Science

Johnson ‘must think again on plans to relax Covid rules’


Boris Johnson was under mounting pressure on Saturday to reconsider Monday’s relaxation of Covid rules in England because of the threat posed by the India variant. His own advisers and independent health experts raised fears that it could lead to a surge in hospital admissions, especially among young adults.

From Monday people will be able to meet in groups of up to 30 outdoors, while six people or two households will be permitted to meet indoors. Pubs, bars, cafes and restaurants will be allowed to serve customers indoors. Indoor entertainment such as museums, cinemas and children’s play areas can also open along with theatres, concert halls, conference centres and sports stadiums.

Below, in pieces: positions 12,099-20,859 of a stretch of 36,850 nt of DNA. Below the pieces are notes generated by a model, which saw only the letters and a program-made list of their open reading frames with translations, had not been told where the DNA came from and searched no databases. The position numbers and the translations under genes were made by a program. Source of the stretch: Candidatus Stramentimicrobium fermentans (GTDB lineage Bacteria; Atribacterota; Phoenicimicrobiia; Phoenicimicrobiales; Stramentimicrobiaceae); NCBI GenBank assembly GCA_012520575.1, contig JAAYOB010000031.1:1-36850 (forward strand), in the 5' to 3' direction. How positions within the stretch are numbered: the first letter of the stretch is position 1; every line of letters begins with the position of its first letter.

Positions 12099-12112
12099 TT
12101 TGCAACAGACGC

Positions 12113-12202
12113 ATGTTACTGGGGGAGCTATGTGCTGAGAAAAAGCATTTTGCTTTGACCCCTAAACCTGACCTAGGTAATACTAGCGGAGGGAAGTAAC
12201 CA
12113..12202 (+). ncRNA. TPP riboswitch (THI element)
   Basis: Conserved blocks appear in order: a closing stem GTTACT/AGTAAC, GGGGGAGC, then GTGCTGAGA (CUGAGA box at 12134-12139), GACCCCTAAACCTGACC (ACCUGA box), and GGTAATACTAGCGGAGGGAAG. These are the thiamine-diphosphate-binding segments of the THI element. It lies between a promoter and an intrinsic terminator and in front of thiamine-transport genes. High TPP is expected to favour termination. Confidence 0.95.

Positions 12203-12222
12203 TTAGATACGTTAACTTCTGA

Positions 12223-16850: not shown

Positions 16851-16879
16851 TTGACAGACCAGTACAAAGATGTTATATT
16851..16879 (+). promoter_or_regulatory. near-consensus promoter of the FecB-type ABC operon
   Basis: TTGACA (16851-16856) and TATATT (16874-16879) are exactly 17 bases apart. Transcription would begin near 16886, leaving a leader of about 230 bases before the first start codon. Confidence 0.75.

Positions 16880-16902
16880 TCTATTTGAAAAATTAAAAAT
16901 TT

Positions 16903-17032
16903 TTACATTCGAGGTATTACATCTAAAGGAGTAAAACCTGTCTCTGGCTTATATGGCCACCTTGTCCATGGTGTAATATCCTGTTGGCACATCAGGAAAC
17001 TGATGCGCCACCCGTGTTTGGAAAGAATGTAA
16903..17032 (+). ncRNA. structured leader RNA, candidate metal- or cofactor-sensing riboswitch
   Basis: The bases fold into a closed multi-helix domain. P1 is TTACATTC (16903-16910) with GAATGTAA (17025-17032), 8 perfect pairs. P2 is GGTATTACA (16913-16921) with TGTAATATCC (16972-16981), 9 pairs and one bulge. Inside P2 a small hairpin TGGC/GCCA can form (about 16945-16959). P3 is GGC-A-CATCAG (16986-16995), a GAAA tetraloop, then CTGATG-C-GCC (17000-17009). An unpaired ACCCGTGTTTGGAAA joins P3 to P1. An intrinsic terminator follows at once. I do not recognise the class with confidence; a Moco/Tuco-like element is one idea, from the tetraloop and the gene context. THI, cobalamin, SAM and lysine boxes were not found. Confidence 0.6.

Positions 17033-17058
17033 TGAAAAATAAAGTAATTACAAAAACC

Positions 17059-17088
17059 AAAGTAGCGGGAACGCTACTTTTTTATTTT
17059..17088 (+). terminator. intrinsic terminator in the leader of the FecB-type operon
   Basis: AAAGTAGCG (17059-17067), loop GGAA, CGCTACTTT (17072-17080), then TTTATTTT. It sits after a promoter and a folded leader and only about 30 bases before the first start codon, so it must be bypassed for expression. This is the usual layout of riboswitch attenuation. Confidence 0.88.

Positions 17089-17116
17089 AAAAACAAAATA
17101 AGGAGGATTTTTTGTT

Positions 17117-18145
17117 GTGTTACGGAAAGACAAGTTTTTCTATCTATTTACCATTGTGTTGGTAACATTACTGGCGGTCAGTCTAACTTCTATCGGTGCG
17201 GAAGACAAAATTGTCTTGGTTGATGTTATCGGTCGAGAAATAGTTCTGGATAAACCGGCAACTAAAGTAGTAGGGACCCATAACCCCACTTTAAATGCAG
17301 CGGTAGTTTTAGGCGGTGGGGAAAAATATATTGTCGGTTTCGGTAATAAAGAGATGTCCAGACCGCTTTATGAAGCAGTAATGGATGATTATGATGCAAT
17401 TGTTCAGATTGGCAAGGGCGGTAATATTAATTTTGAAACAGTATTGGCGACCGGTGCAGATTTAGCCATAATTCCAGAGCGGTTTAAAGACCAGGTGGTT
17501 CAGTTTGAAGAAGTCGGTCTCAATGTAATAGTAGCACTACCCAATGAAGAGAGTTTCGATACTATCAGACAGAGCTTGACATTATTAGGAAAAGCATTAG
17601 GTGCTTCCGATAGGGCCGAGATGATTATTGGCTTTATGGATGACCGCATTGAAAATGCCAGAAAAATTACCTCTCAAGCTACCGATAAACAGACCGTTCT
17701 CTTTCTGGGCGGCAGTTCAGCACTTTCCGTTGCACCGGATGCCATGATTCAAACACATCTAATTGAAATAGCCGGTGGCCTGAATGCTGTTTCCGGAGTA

Overnight stays will be allowed. Weddings, receptions and other ceremonies will be able to take place among groups of up to 30. Unlimited numbers of people will be able to attend funerals.

But there are fears the new India variant could trigger a third wave, just as the “big bang” relaxation approaches. Professor Andrew Hayward, a member of the government’s taskforce on new and emerging viruses (Nervtag), said the relaxations would drive up the numbers infected with the India variant and that unvaccinated younger adults would be most at risk.

“Indoor mixing will almost certainly increase transmission of the B.1.617.2 variant but at this stage nobody can be sure by how much,” he said.